One of the suspected planners, perpetrator and funders of the genocide in Rwanda in 1994, Félicien Kabuga was taken for trial at the UN tribunal of Hague today.
The International Criminal Tribunal for Rwanda (ICTR) first charged Kabuga in 1997. He is charged with being the genocide’s mastermind because he served as the principal funder of the Station Télévision Libre des Mille Collines, that during the genocide gave orders to create obstacles and conduct searches, selected targets, and indicated strategic locations to assault.
Authorities accuse Félicien Kabuga of using that radio station to forward hatred towards ethnic Tutsis and of helping hit squads kill ethnic Tutsis. It is claimed that the radio station blasted nasty messages referring to Tutsis as “cockroaches” He is also charged with providing machetes to militia organizations.
Almost eight billion Hutus and Tutsi moderates were murdered. More than 500,000 people died as a result of the coordinated murder of around 75 percent of Rwanda’s Tutsi population during April and July of 1994 by Hutu military and political fanatics.
Numerous Hutu who tried to protect or hide Tutsis or who opposed the massacre were also murdered. Numerous genocide perpetrators, including former senior officials and other significant persons responsible for the atrocities, have indeed been convicted of their crimes 28 years later. The majority have gone through Rwandan legal processes.
Others have appeared before courts in North America and Europe or the ICTR. Very few members of the dominant Rwandan Patriotic Front (RPF) were held accountable for war crimes and human rights violations committed by the RPF in 1994, in contrast to the progress made in prosecuting genocide offenders.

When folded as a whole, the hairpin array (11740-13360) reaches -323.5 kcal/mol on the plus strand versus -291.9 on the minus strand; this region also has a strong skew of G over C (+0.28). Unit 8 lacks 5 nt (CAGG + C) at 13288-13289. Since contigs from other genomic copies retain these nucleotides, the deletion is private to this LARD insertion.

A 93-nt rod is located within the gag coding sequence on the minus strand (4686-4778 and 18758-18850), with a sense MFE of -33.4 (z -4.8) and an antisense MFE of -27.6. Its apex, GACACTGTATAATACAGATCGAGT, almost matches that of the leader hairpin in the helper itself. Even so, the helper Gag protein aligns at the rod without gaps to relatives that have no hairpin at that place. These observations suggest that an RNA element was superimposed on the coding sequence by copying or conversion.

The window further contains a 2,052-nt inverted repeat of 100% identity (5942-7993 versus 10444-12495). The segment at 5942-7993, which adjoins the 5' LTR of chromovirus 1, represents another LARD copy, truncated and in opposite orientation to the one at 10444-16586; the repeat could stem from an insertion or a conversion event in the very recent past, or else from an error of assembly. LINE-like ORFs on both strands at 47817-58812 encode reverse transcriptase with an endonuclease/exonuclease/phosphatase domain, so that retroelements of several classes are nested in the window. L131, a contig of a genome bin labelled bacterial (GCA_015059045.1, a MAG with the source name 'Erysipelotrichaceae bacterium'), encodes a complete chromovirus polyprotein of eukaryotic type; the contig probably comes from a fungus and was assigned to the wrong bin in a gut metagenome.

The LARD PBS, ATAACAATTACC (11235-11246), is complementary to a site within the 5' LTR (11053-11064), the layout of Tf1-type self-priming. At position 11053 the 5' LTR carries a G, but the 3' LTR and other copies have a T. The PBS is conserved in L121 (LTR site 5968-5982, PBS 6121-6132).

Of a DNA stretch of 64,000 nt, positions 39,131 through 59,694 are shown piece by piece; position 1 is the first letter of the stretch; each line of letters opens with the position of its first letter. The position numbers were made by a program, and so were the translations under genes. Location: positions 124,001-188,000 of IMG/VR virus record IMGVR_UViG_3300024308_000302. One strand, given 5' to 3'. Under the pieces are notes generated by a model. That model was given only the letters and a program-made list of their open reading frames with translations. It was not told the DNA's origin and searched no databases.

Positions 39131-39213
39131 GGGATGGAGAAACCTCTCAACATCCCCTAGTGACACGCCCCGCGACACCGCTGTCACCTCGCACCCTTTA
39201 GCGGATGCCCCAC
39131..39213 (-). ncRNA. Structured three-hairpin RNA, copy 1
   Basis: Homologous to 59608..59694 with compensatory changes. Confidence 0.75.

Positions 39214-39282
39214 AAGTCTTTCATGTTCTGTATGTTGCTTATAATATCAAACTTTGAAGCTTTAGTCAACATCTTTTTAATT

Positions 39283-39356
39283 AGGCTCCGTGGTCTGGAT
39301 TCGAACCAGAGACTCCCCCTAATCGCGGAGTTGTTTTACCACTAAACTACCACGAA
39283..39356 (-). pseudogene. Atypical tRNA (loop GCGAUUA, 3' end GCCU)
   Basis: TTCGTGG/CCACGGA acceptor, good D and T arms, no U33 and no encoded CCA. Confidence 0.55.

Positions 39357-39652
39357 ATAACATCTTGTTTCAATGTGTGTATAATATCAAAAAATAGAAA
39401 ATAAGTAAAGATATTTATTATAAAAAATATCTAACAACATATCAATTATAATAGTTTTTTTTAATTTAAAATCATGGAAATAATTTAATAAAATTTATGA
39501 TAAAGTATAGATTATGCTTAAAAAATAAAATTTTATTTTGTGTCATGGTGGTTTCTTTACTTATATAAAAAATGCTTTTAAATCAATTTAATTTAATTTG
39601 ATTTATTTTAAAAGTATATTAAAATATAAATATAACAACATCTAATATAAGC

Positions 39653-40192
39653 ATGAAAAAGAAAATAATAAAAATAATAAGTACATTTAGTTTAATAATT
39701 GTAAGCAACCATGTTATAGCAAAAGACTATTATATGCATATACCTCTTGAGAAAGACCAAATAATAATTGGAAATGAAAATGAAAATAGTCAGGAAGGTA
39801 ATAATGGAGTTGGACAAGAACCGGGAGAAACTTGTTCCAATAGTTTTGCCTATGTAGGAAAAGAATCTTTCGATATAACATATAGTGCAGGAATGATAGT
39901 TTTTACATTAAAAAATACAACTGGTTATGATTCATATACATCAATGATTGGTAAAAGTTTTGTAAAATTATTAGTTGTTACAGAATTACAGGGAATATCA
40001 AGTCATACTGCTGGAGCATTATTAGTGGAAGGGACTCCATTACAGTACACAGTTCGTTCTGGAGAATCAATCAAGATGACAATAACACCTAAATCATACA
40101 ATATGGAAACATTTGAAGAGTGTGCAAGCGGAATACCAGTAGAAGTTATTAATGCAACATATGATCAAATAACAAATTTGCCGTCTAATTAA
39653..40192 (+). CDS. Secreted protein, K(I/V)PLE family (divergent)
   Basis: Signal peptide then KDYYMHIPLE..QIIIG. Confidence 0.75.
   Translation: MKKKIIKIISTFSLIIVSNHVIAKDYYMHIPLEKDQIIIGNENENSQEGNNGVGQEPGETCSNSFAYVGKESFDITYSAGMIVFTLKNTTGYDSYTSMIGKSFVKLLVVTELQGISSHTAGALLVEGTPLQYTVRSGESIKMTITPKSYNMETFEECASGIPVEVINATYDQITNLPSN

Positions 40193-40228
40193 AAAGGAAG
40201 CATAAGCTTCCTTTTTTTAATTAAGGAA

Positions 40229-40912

RPF soldiers killed thousands of mostly Hutu civilians as they seized control of the nation. Even though these murders did not constitute genocide, the families of the victims do have the right to justice.
In addition to creating the impression that RPF is superior to the law, protecting the majority of RPF members from punishment for these crimes may have hampered social recovery in the wake of the genocide. Kabuga is around his mid-to-late-80s, however, his exact birthday is up for debate.
The need for proceedings to proceed quickly has been furthered by concerns about Kabuga’s age and fitness to stand trial.
After eluding capture for approximately 26 years, he was finally apprehended in Paris, the capital of France, two years ago. Between COVID-19 lockdowns in May 2020, he was detained in Paris and transported to The Hague, where he has pleaded not guilty.
He called the allegations against him “lies” throughout his extradition trials in France. Authorities have filed three claims of genocide and two counts of human rights violations against the former coffee and tea billionaire, chiefly for encouraging hate speech via his station, Radio Libre des Milles Collines.
French authorities spied on Mr. Kabuga’s children to locate him at his third-floor apartment in the Asnières-Sur-Seine neighborhood of Paris, where he was residing underneath a false identity while traveling on a passport out of an unspecified African nation.
Mr. Kabuga is said to have resided in several East African nations in the past, particularly Kenya, where both he and his family maintained business connections. At the start of the trial, the presiding judge announced Mr. Kabuga’s good health and how he had refused to show up.
In a statement, Mr. Kabuga said that the court refused to allow him to select his attorney and that he had “no faith” in that attorney.
Before it ceased operations in 2015, The International Criminal Tribunal for Rwanda, which had its headquarters in Tanzania, had condemned more than 60 genocide organizers.
The same tribunal which is responsible for Mr. Kabuga was responsible for the other cases. In a trial that could run for years, the prosecution is anticipated to bring more than 50 witnesses. Genocide survivors have demanded a hurry in the judgment to get the justice they rightfully deserve.